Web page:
Using the Right Medium

This post was co-written on Google Wave with my colleague Scott C. Reynolds and is a follow up to our previous post about good specification practices.

User Stories and Text

User stories and other text documents are the bread and butter of defining work, and we use them like crazy. Our story practice has evolved over time, and we have come to a place where we feel that, when used appropriately, our stories are very effective. For a deeper look at the guidelines we use to construct stories, I recommend you go check out Cat’s post on the subject.  Go ahead. I’ll wait.

Okay, welcome back. Here’s the thing, stories and tasks are only part of the equation. Stories alone aren’t enough to define a system however, and trying to define everything in text is a fool’s task. (I’ve been that fool)

Pros: tell a story, capture detailed information

Cons: text is not good for everything

Using the Right Medium: Mockups

Mockups are a very useful tool when specifying details of how things should work. With stories, you really can’t add a lot of design and implementation details or the signal to noise ratio becomes too high and shit gets overlooked. A basic rule of thumb we employ on the team is "things that don’t get communicated well in text shouldn’t be forced into a text medium." Basically, if you’re going to try to describe the way something should look in a story, a) it’s probably not going to look the way you actually picture it b) that story is now noisy as crap and people are going to ignore more important parts. With a mockup, you don’t have to take forever to do a flashy, literal, perfect screenshot in Fireworks or anything; you can just drag and drop Balsamiq controls around and voila. Ya got an aesthetically pleasing mockup that humans go nuts over. In five minutes I can mock something up in front of a developer, explain how it works, and they are ready to go.

Another great thing about mockups is that they are extremely useful for getting user feedback on specs without distracting the user that "this is the final product, no more input." You can use a mockup to discuss workflow and layout without getting mired in fine-grained detail. The last time I was at the lab, I went back to my hotel room for a couple of hours and mocked up apps for 4 workspaces, brought them back to the supervisors, and was able to get plenty of good feedback and make edits right there in front of them. Gold.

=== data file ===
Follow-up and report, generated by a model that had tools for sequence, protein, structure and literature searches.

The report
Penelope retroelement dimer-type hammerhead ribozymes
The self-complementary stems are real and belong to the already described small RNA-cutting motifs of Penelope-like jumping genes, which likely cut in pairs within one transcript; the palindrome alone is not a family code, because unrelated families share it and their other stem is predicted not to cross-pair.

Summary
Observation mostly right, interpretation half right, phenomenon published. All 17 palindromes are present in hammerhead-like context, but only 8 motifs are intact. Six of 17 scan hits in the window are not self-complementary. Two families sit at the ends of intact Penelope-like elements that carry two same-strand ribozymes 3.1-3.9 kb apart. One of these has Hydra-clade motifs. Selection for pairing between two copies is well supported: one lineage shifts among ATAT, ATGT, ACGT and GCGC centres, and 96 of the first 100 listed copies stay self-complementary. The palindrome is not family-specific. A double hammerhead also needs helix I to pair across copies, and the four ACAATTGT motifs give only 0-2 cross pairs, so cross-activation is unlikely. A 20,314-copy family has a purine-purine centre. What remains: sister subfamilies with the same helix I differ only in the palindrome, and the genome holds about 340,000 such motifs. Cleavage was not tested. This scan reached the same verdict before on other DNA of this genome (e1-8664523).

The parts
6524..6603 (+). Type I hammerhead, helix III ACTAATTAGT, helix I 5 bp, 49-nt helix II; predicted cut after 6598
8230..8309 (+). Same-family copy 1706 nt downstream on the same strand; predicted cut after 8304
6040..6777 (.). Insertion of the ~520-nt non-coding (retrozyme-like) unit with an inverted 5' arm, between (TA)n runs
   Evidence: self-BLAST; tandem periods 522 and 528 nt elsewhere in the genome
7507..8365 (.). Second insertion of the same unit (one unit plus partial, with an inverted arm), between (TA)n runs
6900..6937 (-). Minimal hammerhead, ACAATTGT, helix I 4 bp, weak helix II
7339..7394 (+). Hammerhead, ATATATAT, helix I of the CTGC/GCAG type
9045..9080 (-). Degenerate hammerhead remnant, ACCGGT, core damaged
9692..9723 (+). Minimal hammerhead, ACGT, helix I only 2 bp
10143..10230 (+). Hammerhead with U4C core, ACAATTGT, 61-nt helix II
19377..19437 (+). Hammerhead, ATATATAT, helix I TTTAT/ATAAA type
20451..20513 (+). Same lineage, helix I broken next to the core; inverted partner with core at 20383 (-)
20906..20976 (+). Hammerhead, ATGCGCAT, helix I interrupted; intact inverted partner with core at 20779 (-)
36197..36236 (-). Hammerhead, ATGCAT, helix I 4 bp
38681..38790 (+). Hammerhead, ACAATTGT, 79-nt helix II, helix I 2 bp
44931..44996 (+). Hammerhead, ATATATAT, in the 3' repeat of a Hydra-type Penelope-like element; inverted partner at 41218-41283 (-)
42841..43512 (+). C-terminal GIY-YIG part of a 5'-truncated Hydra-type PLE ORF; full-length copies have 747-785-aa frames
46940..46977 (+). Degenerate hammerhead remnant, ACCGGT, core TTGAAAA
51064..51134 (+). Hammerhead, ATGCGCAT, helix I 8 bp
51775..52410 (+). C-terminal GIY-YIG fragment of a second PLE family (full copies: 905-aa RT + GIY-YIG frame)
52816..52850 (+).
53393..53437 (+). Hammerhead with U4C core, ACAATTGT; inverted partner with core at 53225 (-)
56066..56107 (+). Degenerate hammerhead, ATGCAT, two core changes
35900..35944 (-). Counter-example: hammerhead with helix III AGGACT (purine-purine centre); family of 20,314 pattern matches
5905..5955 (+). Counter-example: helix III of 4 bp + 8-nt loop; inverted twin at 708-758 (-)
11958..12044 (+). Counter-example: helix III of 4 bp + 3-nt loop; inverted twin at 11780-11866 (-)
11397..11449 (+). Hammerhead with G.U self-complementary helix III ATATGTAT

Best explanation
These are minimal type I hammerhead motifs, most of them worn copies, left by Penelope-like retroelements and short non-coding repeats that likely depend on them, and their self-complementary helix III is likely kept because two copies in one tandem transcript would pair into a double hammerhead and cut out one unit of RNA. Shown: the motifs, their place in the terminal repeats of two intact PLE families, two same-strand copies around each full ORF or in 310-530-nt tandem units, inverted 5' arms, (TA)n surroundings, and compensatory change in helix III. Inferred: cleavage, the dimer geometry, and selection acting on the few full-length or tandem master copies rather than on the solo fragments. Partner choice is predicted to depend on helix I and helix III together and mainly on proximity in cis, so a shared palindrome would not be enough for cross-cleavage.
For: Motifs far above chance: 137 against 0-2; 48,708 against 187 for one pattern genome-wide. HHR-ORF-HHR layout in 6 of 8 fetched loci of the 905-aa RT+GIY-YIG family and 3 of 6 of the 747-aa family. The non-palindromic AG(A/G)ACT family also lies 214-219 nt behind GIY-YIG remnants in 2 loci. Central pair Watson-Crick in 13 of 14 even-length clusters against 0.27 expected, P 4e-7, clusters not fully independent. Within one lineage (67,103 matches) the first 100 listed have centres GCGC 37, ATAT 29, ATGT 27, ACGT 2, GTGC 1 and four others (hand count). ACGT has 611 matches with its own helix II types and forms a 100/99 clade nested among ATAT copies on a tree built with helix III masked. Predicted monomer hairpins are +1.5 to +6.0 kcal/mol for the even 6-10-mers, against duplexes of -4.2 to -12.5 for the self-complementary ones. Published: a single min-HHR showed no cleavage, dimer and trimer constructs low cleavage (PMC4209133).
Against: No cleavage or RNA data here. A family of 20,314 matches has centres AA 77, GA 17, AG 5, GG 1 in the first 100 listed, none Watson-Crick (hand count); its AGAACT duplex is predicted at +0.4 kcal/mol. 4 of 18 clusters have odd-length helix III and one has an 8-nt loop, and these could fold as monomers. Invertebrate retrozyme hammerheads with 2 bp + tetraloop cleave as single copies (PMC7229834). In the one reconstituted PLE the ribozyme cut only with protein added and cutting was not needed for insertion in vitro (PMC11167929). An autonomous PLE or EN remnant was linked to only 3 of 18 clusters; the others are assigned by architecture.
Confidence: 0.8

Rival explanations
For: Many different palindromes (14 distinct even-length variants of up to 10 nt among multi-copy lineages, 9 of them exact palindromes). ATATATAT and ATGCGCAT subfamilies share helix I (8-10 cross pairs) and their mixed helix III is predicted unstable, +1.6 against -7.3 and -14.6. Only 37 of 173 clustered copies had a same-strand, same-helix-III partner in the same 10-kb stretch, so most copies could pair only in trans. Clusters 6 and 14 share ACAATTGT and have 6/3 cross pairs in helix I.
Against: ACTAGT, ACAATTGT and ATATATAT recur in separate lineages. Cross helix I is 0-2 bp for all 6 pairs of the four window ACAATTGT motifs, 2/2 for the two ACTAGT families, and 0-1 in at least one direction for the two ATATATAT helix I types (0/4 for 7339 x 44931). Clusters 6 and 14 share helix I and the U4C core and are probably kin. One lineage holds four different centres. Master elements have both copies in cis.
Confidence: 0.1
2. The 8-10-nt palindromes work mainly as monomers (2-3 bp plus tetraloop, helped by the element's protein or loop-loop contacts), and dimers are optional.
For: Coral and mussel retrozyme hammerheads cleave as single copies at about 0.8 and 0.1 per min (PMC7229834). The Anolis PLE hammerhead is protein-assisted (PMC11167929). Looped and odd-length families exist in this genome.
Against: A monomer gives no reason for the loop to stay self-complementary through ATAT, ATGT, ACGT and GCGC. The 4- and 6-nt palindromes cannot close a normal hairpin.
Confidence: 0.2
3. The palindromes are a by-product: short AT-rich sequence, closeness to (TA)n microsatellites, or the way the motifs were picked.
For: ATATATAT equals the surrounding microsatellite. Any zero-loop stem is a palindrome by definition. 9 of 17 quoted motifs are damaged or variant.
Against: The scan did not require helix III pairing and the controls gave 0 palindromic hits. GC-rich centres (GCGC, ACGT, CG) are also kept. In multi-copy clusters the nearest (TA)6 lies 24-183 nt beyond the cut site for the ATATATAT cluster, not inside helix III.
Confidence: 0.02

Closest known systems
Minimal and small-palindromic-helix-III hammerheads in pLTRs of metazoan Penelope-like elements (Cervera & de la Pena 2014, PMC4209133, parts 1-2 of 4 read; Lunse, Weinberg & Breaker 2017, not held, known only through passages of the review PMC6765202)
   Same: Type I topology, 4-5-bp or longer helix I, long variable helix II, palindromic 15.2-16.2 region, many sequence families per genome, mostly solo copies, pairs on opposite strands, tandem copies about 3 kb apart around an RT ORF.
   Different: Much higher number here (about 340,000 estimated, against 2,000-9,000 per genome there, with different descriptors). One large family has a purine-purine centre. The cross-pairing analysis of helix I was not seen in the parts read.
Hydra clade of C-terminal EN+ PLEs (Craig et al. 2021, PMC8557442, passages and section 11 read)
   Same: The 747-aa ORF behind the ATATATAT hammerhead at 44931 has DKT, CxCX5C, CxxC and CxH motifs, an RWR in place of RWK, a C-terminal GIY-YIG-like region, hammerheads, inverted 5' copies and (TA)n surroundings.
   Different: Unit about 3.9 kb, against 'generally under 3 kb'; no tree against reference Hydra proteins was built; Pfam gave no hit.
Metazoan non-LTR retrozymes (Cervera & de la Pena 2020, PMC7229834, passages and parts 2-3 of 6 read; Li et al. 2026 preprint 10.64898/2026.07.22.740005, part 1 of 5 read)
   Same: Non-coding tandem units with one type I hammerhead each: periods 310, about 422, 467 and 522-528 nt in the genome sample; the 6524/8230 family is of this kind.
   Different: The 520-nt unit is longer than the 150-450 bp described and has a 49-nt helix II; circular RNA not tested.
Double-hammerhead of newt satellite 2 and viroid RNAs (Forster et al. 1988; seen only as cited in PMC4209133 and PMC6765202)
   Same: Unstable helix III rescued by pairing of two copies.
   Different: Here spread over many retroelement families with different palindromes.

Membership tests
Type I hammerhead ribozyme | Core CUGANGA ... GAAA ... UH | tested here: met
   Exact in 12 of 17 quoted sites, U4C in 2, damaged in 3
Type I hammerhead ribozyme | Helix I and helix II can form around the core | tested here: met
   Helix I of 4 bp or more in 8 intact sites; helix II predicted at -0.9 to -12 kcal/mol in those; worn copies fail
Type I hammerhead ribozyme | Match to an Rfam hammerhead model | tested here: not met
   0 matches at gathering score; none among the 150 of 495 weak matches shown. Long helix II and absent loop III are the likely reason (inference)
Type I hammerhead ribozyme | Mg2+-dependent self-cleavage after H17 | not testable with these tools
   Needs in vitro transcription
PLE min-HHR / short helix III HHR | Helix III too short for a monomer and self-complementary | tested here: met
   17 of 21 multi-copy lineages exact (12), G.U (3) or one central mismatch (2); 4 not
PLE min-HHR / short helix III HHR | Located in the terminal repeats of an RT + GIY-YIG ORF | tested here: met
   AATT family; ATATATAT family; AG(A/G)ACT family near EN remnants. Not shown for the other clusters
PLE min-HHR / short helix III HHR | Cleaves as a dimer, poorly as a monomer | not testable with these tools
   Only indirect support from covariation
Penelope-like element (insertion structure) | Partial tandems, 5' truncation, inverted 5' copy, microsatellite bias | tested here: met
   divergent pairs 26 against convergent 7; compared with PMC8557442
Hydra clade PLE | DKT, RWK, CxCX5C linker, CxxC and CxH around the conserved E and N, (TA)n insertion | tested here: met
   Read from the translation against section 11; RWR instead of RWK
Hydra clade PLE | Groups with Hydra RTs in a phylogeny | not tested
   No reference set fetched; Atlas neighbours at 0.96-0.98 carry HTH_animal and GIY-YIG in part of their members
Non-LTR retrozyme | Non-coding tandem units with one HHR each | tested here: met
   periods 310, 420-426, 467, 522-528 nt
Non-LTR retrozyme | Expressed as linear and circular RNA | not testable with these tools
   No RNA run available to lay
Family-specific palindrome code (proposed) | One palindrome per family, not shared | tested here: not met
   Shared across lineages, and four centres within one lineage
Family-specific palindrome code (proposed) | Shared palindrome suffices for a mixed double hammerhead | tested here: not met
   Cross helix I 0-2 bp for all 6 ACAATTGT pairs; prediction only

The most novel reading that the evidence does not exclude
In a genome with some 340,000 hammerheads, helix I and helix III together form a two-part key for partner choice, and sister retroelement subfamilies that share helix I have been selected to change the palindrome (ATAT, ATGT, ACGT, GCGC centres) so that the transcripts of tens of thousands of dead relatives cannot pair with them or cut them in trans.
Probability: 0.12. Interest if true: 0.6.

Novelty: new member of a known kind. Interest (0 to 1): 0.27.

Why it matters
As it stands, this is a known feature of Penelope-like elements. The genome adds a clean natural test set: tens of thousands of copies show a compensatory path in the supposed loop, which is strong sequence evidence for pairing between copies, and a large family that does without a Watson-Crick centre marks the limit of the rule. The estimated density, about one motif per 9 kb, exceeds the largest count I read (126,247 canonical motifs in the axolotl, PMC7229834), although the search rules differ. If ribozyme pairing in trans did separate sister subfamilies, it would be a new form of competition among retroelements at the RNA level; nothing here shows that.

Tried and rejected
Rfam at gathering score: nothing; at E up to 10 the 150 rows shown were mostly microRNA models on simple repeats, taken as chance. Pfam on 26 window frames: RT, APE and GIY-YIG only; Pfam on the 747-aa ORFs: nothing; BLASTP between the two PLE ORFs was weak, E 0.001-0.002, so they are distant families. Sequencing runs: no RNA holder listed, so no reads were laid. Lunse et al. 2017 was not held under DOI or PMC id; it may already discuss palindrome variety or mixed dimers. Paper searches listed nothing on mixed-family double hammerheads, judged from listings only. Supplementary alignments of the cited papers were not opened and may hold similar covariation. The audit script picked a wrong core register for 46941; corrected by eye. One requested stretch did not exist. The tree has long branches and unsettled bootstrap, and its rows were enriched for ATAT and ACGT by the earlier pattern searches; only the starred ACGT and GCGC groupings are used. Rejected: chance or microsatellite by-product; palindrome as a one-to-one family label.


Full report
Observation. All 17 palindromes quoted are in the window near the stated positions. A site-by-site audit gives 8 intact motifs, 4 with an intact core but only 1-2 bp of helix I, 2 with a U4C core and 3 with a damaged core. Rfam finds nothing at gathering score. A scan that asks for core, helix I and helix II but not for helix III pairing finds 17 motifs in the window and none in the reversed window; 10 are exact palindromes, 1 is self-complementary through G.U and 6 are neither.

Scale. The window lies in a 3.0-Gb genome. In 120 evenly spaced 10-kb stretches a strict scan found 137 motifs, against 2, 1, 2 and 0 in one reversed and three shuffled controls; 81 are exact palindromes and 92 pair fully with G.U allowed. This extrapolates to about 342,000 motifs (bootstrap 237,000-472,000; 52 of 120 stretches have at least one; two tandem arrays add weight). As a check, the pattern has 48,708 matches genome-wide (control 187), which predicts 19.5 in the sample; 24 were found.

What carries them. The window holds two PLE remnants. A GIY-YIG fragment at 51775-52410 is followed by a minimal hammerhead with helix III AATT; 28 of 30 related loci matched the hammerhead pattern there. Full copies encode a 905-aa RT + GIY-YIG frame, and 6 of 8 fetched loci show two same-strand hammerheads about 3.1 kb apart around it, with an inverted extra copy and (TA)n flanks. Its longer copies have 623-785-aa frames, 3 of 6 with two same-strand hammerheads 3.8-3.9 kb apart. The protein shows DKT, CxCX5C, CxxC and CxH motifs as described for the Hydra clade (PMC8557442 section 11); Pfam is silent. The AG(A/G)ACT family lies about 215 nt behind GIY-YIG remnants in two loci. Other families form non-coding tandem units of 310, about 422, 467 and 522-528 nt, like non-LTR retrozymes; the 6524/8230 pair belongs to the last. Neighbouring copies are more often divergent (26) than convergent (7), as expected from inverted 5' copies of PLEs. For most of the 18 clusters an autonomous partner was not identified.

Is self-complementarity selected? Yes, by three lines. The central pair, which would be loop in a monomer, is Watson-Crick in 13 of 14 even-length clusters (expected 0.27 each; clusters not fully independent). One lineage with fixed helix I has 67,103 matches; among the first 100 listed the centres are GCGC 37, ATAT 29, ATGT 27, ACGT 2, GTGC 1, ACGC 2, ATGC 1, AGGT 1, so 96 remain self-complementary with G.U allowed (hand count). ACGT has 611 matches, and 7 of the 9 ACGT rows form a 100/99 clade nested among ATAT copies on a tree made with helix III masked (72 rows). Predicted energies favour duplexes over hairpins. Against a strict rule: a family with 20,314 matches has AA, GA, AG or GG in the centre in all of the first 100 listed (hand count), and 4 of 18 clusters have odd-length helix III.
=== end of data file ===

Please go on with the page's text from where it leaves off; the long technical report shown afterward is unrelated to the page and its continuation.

Pros: Time-saver, gives the gist of what you want, keeps your stories clean while still conveying what you want, good to show to users.

Cons: Can fall into the trap of putting everything on a mockup just like you would put everything into a story and it’s inappropriate

Using the Right Medium: High Fidelity Design

How easy is it to develop from what basically amounts to a screenshot? You know exactly how everything should look, you can strip images out, you don’t really have to think about it.

Wait a minute. There’s a red flag.

You don’t have to think about it? That’s a paddlin’. A high fidelity screenshot, while beautiful, robust, and easy to work from, gives developers a signal that this screen is a specification set in stone. They see what it needs to look like, they build it like that. It’s just like BDUF; the high level of detail and granularity means that people won’t think about what they’re actually building, they’ll just duplicate what they are given.

Pros: Hotness, high level of detail, easy to work from

Cons: Removes developer thought, can take a long time to create such a design

Using the Right Medium: Conversation and Whiteboarding